A storm in the desert
It is like the perfect storm, says the Philippine man to Nico. It is as if the universe’s elements work together to create a destructive phenomenon. Nothing can be saved. Everything is threatened...
He explains about his work, the excessive pressure on board, the isolation, the captivity within the steel walls of a ship, the thousand challenges. He also tells about his finances. He simply does not cut it. He explains about home. He tells of a marriage on the rocks when you don’t see each other for nine months. He talks about the complexity of relationships. He says his children consider him a guy that visits every nine months.
Eventually there remains a single question, he says or asks. ‘Is it all worth it?’ In the few words he sums up a situation in a desert. The one question contains a thousand others. It questions our purpose on earth, it questions the reasons for continuing. It is a question that embodies an existential crisis. The words contain danger signs. They are spoken in a context filled with suicide. Suicides increased dramatically over the past few years. The one question becomes a desperate cry for help. The cry that says, ‘I simply no longer want to walk this road.'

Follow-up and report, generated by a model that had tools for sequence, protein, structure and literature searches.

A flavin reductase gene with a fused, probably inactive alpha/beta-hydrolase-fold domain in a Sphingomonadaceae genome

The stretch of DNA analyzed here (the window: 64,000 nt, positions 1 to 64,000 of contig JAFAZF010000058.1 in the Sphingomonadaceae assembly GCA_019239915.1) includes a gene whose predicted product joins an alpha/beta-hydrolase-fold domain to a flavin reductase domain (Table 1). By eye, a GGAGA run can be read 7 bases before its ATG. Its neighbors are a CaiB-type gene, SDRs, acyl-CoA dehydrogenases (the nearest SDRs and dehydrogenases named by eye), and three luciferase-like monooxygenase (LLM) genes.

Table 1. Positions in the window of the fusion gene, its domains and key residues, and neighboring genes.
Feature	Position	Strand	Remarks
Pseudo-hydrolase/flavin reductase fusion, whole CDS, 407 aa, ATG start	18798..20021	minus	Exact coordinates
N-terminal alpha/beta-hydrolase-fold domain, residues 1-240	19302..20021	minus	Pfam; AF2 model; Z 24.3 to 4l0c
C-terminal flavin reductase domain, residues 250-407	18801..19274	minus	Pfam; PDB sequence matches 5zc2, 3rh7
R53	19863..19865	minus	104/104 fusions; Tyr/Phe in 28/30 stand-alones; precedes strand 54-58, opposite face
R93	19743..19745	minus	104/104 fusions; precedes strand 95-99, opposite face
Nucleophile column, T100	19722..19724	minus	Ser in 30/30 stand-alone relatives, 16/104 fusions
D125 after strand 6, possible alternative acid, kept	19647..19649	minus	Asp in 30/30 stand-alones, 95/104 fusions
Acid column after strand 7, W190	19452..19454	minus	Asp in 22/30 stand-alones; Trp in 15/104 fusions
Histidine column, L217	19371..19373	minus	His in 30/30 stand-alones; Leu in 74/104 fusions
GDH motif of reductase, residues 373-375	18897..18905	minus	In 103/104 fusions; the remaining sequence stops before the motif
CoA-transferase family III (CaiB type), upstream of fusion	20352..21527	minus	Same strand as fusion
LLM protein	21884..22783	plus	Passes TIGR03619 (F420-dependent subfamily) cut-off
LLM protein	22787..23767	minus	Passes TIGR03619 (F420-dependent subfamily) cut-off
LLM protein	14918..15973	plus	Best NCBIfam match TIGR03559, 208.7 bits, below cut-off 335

Nico gets an opportunity to talk to him on a deeper level. They can make a list, an inventory of his life and where he stands. Nico can also bring another perspective. The central idea of that perspective is, ‘I called you by your name. You are mine.’ Sometimes our work is not to bring someone to the oasis. Sometimes our job merely requires giving a tired traveller a sip of water. Water is essential to reach the oasis in the end. After Nico’s patience and listening, the man finds the energy to continue on the road.
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